Area farmers, running out of time to plant their fields after record delays, need nearly perfect upcoming weather to save normal outputs following an unusually wet spring, and more delays could affect consumer prices.
Between January and May, 23.27 inches of rain or melted snow and ice have accumulated at the Dayton International Airport, which is 6.23 inches more than normal, according to StormCenter 7 meteorologists.
With the ground saturated, only 50 percent of Ohio’s corn crop was planted as of last Monday, according to the U.S. Department of Agriculture. Nearly all corn is usually planted by that time.
Soybeans were even further behind, with 32 percent planted, down 57 percent from their five-year average of 89 percent at that time.
Lower yields could affect consumers down the road, though most corn and bean product prices don’t adjust as quickly as for some non-commodities, said Ty Higgins, spokesman for the Ohio Farm Bureau. Meat prices could rise faster as farmers run low on corn and beans to feed livestock.
“Mother Nature doesn’t look like she wants to totally give us the ideal conditions as of right now,” said Chad Mason, a farmer in Clinton and Greene counties. “We’ve already kind of figured, some of us who have planted corn, there could be quite a significant loss — a drop in bushels.”
Over the weekend and into this week, there is potential for up to four more inches of rain, said StormCenter 7 Meteorologist Dontae Jones. That’s just in time to halt soybean planting before the prevent plant insurance deadline on Thursday . Prevent plant insurance covers farmers who aren’t able to plant their crop.
Most of the farmers in the Miami Valley were able to plant at least some acres. Some switched their corn fields to soybeans, which have a later planting date, and others took prevent plant insurance for fields they couldn’t work. But area farmers who have been able to plant most of their fields are still concerned about the yields.
“Even though things have gotten planted, I still don’t have a warm fuzzy feeling about things,” said Darke County farmer Michael Brehm. “Getting planted this late, we don’t know what Mother Nature’s going to do.”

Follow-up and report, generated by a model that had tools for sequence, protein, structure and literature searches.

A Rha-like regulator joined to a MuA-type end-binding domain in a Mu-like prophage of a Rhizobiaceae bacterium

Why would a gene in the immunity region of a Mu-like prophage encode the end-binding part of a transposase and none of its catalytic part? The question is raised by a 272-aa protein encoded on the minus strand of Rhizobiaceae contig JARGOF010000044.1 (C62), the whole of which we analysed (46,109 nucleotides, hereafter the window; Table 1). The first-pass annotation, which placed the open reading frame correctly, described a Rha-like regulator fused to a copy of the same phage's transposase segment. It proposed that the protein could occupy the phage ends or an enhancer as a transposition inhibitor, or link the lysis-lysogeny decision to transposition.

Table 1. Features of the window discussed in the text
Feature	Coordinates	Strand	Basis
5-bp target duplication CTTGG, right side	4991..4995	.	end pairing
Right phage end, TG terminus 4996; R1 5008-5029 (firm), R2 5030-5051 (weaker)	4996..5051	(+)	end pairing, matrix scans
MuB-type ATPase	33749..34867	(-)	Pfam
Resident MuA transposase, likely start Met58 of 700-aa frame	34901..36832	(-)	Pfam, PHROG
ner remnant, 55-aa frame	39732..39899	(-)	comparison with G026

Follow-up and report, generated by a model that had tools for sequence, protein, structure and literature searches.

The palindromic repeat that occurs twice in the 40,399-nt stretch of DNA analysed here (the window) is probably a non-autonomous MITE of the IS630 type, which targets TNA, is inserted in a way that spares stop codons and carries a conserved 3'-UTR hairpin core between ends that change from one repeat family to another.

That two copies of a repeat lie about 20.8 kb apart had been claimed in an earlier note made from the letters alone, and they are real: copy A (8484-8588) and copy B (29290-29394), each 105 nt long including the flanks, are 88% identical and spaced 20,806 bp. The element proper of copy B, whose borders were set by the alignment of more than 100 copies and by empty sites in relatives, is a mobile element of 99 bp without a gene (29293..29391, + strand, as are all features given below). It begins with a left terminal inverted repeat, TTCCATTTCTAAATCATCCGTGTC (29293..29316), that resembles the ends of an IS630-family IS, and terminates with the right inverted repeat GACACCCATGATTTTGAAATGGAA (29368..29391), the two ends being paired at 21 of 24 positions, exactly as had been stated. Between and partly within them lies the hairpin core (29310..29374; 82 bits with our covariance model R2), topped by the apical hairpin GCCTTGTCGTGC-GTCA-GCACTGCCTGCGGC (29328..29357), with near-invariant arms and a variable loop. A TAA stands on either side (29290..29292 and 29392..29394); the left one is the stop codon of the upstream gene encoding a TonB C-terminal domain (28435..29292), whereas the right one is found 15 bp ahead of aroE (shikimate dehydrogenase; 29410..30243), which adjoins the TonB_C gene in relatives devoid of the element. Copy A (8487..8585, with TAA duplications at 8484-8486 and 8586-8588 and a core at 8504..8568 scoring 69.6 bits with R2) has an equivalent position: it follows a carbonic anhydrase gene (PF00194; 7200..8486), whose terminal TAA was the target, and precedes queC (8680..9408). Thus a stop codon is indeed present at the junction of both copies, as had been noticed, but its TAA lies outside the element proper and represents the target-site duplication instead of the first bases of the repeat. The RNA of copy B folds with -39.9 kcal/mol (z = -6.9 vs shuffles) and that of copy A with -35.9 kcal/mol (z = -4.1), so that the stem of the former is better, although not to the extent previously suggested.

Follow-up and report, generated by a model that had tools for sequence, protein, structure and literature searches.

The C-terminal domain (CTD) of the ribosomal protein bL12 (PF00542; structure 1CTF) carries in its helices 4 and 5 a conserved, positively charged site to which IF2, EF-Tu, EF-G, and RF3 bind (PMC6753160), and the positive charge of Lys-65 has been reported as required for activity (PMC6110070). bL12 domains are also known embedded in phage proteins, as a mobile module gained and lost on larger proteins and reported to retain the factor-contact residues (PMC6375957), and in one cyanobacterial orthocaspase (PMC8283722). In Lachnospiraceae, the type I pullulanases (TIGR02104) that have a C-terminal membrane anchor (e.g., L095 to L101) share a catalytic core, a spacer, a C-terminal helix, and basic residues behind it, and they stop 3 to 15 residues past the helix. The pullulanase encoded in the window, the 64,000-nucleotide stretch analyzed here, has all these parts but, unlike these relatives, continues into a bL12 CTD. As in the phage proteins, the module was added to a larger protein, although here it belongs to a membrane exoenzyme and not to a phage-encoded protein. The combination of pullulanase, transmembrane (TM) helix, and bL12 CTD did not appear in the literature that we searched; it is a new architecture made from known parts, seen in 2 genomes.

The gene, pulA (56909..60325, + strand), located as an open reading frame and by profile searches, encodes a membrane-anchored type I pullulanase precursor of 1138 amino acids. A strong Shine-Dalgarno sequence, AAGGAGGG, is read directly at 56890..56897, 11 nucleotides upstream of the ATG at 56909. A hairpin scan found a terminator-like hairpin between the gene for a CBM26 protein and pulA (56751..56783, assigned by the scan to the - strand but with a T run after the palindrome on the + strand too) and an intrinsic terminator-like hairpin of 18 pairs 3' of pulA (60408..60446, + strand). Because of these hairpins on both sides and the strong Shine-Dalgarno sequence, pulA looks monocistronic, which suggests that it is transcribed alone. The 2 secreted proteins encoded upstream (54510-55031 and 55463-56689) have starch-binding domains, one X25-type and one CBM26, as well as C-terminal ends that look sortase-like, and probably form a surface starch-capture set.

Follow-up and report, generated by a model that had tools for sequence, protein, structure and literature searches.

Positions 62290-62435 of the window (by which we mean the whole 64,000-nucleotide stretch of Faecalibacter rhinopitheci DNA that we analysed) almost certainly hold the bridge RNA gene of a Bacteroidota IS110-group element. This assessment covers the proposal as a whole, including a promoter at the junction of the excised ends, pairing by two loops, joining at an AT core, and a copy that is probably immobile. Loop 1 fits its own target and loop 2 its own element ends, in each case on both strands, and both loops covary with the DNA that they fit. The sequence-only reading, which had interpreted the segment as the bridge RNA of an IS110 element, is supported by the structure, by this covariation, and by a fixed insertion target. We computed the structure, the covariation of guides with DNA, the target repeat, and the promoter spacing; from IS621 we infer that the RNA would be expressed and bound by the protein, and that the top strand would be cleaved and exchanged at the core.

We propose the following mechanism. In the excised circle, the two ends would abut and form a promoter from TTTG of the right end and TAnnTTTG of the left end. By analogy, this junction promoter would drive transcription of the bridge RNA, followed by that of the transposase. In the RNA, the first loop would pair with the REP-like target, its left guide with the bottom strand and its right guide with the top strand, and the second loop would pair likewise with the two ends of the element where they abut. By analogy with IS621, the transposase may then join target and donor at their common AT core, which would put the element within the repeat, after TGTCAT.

Delayed planting can cause major yield losses. Farmers are in danger of yielding 20 to 40 percent less soybeans that are planted in late June, according to researchers at the College of Food, Agriculture and Environmental Services at Ohio State University. Corn planted past June 15 could only produce 40 percent of its normal yield, said Sam Custer, OSU extension agent for Darke County.
Continued poor weather could mean even more losses, Brehm said. Farmers who “mudded it in,” or did everything possible to plant in wet ground, could have issues with their trenches closing over the seed, allowing access to bugs or the possibility of seeds drying out.
The wet patches with standing water around which farmers planted could also grow larger, drowning out what they’ve already planted and producing a haven for bacteria that could disease the crops, said Brian Harbage, a Clark County farmer.
Like with planting, wet fields will keep farmers from applying nitrogen to feed the crop and spraying herbicide to keep weeds down.
This year’s wet season means farmers will have difficult conversations with their bankers about their loans and co-ops about the contracts they’ve signed to sell grain later this year that they couldn’t plant, Higgins said.
“For some farmers, they’ll be able to withstand a year like this. Some farmers simply won’t be able to farm in 2020 because of what’s happening here this year,” he said.
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